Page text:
On the other side, there are those who stayed up all night on Tuesday (Israel time), and watched the live-update of the results. One of those people is a good friend of mine, Roee Snir. He is the Vice President of the Israeli model United Nations Society, and the Vice President of The Tel Aviv University Model United Nations Society. Soon, I'm sure, he'll be the Israeli Ambassador in the United States, so get ready. But until then, he got the once in a lifetime opportunity to watch the election at the U.S ambassador's residence here. He is following every single step of the American politics. This is his hobby and passion in life. He knows of every policy Obama and Romney ever adopted, and has followed their every move. In case you were wondering, he is supporting Obama. Tuesday morning (Israel time), he wrote: "This is it. The United States' citizens will cast their votes in just six hours. After following the campaign intensely, this is my last status on the subject. In spite of its many issues, the United States, to me, is still the best model there is for Democracy: stable, valuable, honoring the freedom of the individual. I want to see a Unites States where every man has the basic right for health insurance, where every woman earns the same wages as her male co-worker. I want to see a United States who does not give up to aggressive Capitalism, who gives women the right to have full control of their bodies. In those intense times, the model of "land of the free and home of the brave" should glow in the dark that drowns our small world whose people are drifting further away. It is good for the state of Israel and good for the Americans as well."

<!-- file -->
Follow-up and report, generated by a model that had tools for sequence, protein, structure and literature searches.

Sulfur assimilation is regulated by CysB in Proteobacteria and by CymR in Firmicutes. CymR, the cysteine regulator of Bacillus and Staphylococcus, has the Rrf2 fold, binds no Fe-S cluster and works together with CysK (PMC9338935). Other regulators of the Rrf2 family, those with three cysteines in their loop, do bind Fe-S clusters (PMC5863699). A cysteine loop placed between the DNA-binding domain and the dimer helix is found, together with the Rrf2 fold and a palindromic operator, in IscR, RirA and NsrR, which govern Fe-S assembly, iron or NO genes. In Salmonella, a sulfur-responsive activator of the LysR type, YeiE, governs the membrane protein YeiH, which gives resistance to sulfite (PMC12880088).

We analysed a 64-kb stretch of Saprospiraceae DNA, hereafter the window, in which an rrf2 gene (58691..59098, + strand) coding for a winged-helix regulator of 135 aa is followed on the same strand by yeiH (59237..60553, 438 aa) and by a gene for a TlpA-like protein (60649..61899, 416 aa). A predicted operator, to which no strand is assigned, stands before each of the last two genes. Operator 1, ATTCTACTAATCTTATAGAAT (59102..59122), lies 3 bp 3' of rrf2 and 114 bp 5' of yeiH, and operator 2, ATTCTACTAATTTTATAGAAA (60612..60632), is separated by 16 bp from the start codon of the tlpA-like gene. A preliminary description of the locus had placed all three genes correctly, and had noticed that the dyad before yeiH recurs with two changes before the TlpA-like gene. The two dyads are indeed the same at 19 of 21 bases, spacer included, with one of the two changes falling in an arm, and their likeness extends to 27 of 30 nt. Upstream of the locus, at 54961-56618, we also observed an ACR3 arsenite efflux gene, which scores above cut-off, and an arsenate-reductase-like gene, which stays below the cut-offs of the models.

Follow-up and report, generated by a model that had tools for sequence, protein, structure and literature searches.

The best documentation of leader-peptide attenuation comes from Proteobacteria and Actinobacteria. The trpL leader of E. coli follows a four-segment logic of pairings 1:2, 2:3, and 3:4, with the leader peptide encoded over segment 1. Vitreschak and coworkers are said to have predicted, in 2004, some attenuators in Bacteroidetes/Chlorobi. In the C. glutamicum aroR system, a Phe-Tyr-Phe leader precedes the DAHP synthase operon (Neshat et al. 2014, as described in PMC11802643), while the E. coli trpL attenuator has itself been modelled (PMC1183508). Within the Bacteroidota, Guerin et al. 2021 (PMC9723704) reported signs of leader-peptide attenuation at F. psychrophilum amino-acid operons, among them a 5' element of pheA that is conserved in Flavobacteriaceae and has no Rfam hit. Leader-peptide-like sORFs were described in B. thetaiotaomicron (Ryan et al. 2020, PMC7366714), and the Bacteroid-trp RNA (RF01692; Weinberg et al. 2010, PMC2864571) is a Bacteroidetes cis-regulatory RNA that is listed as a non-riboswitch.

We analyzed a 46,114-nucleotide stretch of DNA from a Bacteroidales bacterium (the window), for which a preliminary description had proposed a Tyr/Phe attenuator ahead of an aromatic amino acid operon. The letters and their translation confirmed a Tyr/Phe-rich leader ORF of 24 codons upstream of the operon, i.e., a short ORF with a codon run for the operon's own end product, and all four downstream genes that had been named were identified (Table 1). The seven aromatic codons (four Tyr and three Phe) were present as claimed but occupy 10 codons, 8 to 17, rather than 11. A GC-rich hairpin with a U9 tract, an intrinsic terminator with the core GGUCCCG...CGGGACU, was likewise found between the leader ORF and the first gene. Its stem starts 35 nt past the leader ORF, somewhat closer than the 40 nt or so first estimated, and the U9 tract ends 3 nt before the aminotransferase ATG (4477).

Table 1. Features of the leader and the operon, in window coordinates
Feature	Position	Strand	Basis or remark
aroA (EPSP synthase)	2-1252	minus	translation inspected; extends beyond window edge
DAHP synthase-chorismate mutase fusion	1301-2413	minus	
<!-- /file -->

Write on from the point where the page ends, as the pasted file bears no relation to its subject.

I go somewhere in the middle. I understand the importance of the election to our small country, and also understand our importance to the election. I find the media coverage, both here and there, in the States, quite interesting and sometimes fascinating. There are so many differences between the way the election process and the campaigns work in the two countries, and in the past couple of weeks I learned a lot about the American culture, which I take particular interest in.
There is a common saying that Romney is better for Israel than Obama. This makes the American-Israelis vote rate for him much higher. Many voices here rose, saying Obama is not a real partner for Israel, and that voting for him would be a disaster. To them I want to say that as much as we are important for the Americans (and especially to their President), as a strategic location and as an ally at a not-so-friendly area, we are not the issue that should tilt the vote here or there. It is true Israel was mentioned over 30 times during the debates, but we almost forgot this is not our election, but yours. I believe each person should get up and vote, and later make sure he put the right name for him or her on the ballot. I can only hope all of you did it, in fact. Right now, I can wish the elected president good luck, and to all of you, productivity and calmness for the next four years.